Israeli Tourism Up in ’89; Hotel Owners Slash Rates

Facing a roomful of leaders of American Jewish organizations last week, Gideon Patt, Israel’s tourism minister, described his recent victory over Israeli hotel owners with relish.

Last month, Patt and the Hotel Owners Association signed an accord which slashes room rates between 10 percent and 25 percent. The agreement, which goes into effect Sept. 17, also covers the prices charged for restaurant and other services.

Although Patt, a member of Likud’s Liberal Party wing, professes to oppose price controls, he finally determined that inflated hotel costs were taking Israel out of international competition for tourists and that steps had to be taken to bring down prices.

“If we want to be competitive, we have to deliver an attractive tourist package,” Patt told more than 100 leaders of the Conference of Presidents of Major American Jewish Organizations, who gathered Sept. 6 at a meeting convened by the National Committee for Tourism to Israel.

Patt said that the hoteliers, having grown accustomed to low room occupancy rates of 60 percent to 65 percent, “covered their expenses by overcharging people.”

Hotel owners, angered over being forced to lower prices, have blamed the Palestinian uprising for the failure to attract tourists.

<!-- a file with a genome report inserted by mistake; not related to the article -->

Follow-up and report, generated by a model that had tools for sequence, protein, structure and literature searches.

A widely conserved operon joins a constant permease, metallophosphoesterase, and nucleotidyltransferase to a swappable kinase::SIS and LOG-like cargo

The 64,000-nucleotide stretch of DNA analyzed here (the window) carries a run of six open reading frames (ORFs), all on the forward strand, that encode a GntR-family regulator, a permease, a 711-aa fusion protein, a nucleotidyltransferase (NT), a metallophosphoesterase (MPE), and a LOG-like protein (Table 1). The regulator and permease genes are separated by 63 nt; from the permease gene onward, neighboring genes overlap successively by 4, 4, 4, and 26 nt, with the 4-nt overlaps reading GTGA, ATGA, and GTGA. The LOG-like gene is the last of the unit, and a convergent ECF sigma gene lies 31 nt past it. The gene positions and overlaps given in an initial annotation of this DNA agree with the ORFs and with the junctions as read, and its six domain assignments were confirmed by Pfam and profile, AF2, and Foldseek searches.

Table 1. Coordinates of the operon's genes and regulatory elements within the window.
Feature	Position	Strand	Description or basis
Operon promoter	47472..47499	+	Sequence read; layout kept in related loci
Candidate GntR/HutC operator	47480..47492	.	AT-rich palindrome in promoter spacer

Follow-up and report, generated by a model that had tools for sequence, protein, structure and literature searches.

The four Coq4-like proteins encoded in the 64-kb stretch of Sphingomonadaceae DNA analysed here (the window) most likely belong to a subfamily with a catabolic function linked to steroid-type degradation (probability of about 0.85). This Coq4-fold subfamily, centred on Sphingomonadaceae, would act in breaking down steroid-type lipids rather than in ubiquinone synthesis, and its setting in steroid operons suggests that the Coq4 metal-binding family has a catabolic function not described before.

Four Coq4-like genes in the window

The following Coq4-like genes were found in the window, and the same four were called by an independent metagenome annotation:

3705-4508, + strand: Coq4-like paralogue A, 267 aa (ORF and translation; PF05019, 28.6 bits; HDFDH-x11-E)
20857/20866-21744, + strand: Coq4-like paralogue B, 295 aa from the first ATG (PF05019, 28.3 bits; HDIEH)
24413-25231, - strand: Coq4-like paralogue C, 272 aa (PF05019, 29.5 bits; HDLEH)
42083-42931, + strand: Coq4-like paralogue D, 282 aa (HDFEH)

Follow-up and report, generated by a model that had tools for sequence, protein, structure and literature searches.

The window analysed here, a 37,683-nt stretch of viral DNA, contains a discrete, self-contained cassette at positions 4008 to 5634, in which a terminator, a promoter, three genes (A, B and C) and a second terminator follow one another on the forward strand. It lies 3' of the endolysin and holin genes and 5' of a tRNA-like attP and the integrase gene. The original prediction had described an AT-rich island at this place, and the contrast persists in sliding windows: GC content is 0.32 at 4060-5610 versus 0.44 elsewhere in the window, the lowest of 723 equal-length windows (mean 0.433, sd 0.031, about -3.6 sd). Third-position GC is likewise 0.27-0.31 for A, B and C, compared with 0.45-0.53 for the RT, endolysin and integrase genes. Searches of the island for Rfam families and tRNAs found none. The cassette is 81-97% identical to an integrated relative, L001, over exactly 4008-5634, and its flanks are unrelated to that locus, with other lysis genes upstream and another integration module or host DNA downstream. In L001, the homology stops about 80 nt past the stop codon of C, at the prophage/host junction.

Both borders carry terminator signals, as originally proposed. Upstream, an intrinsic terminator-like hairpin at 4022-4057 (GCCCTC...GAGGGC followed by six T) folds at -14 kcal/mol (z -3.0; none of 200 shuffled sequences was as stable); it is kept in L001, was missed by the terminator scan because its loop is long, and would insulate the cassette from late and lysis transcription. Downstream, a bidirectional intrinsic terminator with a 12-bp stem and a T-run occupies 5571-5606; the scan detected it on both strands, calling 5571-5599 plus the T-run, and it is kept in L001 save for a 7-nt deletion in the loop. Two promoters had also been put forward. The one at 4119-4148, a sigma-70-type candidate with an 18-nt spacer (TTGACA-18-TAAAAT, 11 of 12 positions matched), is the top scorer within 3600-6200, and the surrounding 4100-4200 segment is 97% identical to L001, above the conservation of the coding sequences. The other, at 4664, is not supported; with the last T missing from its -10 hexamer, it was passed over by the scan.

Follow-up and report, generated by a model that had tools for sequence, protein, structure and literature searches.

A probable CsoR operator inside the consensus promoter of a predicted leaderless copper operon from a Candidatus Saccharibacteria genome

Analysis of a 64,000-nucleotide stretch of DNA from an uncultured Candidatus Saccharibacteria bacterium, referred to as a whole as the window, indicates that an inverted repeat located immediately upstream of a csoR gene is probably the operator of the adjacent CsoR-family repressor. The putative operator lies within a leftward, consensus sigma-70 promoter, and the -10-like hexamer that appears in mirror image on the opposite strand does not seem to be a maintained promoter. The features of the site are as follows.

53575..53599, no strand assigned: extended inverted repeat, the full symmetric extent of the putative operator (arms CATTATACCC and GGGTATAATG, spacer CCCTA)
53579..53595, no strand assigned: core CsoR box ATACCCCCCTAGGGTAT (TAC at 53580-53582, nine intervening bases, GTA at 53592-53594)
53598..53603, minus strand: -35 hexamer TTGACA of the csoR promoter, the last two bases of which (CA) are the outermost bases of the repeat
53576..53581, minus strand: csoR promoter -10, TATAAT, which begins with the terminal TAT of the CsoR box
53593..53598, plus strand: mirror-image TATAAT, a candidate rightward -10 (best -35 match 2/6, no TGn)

While Patt admitted that tourists were concerned about the safety, he downplayed the intifada as playing a major role in the level of tourism to Israel.

“If the intifada is so important, was there less intifada in April of 1989 than in 1988? If the intifada is the reason, why did we have increases during that year?” he said.

Patt was referring to recent encouraging news regarding tourism to Israel. Speaking at a State of Israel Bonds North American Leadership Conference in Philadelphia last Friday, Patt reported that 970,000 tourists visited Israel in the first eight months of 1989, an increase of 12.5 percent over last year.

In the past two months, hotel occupancy in Israel has risen to 68 percent, compared to 60.6 percent the first six months of this year.

Some of the Jewish leaders at Patt’s presentation before the Conference of Presidents last week were critical of his dismissal of the publicity problems generated by the intifada, saying that Patt should develop a systematic plan to deal with the issue instead of ignoring it.

(JTA) Jerusalem Bureau Chief David Landau contributed to this report.)

NEXT STORY